Tuesday, May 10, 2011

A Nation of Laws

Glenn Greenwald has written many times of the inconsistency of Obama supporters who decried policies and actions of the Bush administration and who unreservedly support those same policies and actions when taken by Barack Obama. The most recent drum upon which he is beating is one where Obama has surpassed Bush, in that Obama has taken it upon himself to order the execution of American citizens without due process of law, while Bush merely claimed the right to imprison without due process.

I could live to be 500 years old, and I will never hear anyone be able to offer any remotely conceivable means of reconciling (a) those steadfast principles defended by Eric Holder -- as part of his opposition to George Bush's power to punish citizens as Terrorists with no due process -- with (b) multiple Obama policies, including the asserted right to assassinate U.S. citizens away from a battlefield with no due process.

He is referring to the missile attempt on the life of Anwar al-Awlaki in Yemen, one of a purported “hit list” of persons defined by the executive branch as terrorists and marked for execution on sight. How many of them are American citizens is unknown, as it is a secret list.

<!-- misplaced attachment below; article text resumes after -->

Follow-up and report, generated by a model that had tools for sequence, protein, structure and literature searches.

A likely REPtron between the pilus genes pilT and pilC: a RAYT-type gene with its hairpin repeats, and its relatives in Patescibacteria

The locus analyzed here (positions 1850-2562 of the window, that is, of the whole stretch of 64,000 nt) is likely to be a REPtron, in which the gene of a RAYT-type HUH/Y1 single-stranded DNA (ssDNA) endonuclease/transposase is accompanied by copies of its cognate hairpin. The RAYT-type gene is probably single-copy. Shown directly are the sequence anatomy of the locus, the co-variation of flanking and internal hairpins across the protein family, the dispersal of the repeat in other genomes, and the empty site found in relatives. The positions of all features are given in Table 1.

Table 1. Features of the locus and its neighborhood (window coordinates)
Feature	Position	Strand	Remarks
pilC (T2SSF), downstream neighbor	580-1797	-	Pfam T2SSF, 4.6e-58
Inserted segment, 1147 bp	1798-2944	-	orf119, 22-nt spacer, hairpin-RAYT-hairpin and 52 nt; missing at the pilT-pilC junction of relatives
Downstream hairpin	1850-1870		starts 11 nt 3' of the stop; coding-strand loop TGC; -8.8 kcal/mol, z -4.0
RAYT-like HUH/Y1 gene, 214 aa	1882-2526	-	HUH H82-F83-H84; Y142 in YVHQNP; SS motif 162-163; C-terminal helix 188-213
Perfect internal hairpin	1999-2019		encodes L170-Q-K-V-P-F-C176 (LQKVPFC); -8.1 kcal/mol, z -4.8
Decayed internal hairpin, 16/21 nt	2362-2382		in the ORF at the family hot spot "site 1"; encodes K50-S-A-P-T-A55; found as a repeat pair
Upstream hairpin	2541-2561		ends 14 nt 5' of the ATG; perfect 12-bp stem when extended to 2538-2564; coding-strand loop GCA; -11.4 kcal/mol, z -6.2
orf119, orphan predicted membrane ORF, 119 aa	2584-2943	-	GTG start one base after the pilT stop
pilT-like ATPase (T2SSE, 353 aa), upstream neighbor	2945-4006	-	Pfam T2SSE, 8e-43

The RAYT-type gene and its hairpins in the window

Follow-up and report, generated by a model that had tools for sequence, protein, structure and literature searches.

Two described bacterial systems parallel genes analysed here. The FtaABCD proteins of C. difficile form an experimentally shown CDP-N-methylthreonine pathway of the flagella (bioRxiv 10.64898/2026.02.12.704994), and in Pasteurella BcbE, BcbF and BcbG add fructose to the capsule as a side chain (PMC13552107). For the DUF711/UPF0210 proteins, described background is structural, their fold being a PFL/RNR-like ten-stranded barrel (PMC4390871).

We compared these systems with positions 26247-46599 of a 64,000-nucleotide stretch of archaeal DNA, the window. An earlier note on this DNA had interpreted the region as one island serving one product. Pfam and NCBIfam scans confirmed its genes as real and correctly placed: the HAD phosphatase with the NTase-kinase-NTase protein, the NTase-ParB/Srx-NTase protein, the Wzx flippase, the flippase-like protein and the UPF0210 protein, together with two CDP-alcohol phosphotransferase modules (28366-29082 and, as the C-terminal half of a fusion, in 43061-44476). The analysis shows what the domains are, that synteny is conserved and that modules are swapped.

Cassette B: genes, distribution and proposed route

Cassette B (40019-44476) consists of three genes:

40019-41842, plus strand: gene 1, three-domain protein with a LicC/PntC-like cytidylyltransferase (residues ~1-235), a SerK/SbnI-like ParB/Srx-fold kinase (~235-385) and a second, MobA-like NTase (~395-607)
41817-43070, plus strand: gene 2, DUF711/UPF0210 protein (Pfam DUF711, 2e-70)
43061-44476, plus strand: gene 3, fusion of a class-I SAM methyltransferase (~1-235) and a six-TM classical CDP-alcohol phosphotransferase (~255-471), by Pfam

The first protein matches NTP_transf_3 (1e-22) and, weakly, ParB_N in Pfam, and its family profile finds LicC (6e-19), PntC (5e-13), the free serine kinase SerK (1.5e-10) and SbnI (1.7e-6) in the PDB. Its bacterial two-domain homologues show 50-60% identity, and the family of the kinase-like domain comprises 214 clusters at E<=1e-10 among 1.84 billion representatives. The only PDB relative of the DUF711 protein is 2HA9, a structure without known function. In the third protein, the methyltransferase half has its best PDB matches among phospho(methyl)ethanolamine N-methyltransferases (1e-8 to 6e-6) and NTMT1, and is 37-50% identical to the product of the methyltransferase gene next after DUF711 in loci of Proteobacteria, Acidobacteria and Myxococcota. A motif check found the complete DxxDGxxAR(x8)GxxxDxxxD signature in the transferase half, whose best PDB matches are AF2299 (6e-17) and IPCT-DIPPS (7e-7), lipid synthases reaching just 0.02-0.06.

I at one time thought that the constitutional limitation in the Fifth Amendment about taking of life without due process would apply regardless of citizenship, but I have rethought that. I think that protection applies to non-citizens when they are within the jurisdiction of our government, but otherwise I would suppose that it simply doesn’t apply.

That doesn’t mean that I like the policy of assassination even of non-citizens. Obama, in responding to a critic yesterday, said, “Anyone who doesn’t think that bin Laden deserved what he got needs to think again.” I don’t believe I have any argument with that, but that doesn’t mean I like the idea of my country roaming the world shooting Hellfire missiles into houses hoping that a terrorist is inside and killing innocents when we’re wrong.

Even when we get the right guy, it doesn’t mean that I like the idea of our Chief Executive, the man defined by our constitution with carrying out the laws of our nation, defining extra-judicial assassination as “justice has been done.” It may have been necessary, it may even have been appropriate, but that is not the way our system of laws defines “justice.” If this is our new definition of justice, then we are no longer a nation of laws.

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